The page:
Maria Antonia Iglesias, from Catalonia, Spain, said the motor-powered devices allow her to pick up a glass, hold cutlery and write for the first time since she lost her digits after an illness. The fingers were made by the inventors of the bionic i-Limb hand when they realized more could be done for the 1.2 million people worldwide who have missing digits. 

The loss of two fingers can reduce hand function by up to 40%.

Ms. Iglesias, 42, lost hers after developing pneumococcal septic shock in 2003. She is among the first to get Touch Bionics' custom-made devices, called ProDigits, which cost between $57,000 and $73,000.

"I am very pleased to be part of this project, and the benefits my new hand is giving me are like a dream," she said. "Even a simple thing like holding and lifting a glass of water to drink from was impossible before, but with ProDigits I can do it easily."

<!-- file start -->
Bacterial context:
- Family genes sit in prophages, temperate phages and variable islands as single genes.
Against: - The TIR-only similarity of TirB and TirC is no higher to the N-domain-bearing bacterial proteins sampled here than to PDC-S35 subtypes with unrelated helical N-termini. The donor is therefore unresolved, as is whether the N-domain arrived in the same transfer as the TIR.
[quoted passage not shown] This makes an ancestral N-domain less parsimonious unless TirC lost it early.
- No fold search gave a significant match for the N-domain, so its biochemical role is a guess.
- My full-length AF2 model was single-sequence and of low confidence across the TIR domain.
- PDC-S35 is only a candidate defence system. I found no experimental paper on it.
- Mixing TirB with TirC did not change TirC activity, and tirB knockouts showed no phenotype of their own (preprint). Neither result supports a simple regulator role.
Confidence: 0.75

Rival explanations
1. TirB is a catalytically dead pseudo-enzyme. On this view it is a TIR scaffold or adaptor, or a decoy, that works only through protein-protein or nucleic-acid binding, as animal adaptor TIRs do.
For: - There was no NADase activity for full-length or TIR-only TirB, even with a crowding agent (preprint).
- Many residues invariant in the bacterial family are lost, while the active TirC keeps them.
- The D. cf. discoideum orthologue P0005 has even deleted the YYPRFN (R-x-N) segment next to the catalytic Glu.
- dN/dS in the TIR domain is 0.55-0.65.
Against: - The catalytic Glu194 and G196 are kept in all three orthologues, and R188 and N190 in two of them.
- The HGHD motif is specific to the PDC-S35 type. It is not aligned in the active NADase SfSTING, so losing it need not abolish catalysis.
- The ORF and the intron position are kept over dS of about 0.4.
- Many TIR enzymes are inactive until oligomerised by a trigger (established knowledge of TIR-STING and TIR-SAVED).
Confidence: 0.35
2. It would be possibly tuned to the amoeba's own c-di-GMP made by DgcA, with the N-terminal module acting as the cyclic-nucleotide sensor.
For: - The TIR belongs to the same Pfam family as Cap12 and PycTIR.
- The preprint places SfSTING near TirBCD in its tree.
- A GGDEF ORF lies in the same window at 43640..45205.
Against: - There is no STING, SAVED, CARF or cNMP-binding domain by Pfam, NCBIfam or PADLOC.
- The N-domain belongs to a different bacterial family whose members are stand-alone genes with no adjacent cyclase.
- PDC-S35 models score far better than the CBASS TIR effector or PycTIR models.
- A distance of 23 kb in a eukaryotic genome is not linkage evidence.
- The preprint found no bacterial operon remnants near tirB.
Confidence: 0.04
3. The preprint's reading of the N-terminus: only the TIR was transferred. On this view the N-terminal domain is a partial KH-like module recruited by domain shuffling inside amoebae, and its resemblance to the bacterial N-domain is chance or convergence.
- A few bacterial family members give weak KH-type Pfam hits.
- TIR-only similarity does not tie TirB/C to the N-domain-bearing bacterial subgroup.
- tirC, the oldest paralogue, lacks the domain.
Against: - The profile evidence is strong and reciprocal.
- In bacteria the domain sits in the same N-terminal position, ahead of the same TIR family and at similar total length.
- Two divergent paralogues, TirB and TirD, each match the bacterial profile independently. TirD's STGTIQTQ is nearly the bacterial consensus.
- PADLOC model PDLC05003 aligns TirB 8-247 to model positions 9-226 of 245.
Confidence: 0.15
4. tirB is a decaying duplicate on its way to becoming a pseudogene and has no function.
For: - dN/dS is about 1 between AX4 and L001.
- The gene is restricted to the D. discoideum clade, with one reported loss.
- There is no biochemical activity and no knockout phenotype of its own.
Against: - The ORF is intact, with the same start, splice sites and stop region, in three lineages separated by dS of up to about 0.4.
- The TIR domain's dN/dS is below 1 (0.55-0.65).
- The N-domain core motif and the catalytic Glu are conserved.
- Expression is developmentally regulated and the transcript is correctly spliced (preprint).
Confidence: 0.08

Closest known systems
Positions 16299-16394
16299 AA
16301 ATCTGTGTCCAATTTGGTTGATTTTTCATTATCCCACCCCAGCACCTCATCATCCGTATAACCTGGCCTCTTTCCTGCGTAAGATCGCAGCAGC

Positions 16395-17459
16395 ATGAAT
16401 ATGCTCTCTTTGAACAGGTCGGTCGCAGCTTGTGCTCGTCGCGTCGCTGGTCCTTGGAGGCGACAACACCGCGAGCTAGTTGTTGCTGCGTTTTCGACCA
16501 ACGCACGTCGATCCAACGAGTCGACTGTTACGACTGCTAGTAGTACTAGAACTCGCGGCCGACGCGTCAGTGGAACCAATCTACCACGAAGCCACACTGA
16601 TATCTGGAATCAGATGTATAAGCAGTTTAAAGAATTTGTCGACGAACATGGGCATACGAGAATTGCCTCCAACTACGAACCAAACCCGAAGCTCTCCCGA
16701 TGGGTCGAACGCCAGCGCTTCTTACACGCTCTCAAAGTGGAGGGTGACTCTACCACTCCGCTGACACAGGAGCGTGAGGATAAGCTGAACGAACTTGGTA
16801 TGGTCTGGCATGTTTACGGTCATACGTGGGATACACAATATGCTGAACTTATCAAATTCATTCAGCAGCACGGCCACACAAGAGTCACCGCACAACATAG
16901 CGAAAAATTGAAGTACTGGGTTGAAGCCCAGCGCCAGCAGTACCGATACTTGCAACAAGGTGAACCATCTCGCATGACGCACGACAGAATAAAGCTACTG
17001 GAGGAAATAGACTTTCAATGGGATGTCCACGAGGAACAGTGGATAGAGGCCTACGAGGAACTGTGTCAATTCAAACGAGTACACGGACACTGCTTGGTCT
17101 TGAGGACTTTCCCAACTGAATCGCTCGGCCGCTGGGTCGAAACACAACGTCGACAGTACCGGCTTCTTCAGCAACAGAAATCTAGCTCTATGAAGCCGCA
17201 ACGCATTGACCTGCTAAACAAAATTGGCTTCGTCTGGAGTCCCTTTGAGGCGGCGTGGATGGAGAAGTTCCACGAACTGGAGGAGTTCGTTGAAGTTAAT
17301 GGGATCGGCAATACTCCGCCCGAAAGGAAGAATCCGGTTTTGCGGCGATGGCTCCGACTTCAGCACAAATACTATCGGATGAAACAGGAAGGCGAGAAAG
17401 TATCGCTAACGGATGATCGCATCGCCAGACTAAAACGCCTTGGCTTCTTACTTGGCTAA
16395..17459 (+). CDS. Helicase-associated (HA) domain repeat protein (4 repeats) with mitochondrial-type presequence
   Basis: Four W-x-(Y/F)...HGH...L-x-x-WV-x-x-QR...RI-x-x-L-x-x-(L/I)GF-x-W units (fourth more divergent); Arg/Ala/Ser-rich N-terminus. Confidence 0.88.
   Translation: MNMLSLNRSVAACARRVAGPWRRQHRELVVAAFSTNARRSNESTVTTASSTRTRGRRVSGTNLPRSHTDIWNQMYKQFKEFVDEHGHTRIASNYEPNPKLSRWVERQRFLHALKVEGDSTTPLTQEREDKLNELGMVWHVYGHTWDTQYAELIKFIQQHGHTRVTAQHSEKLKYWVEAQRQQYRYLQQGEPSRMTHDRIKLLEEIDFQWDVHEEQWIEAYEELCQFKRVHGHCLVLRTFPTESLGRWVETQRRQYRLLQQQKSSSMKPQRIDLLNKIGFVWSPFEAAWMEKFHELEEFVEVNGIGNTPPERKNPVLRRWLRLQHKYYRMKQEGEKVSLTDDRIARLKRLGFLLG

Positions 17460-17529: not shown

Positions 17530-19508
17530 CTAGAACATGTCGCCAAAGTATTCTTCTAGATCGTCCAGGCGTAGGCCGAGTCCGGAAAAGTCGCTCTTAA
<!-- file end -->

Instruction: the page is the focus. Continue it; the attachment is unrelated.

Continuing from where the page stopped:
The fake digits, which are covered in a hi-tech robotic skin, are controlled by "myoelectric sensors," which register signals from any muscles that remain in the hand. Alternatively, they can be activated by a touch pad.

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"There has been no solution like this for the partial hand amputee community," Phil Newman, Touch Bionics' marketing director said.

"The ProDigits provide a powered device with a grip and it has returned these people to a level of functionality and independence.

"It is supporting a community that has never had support before."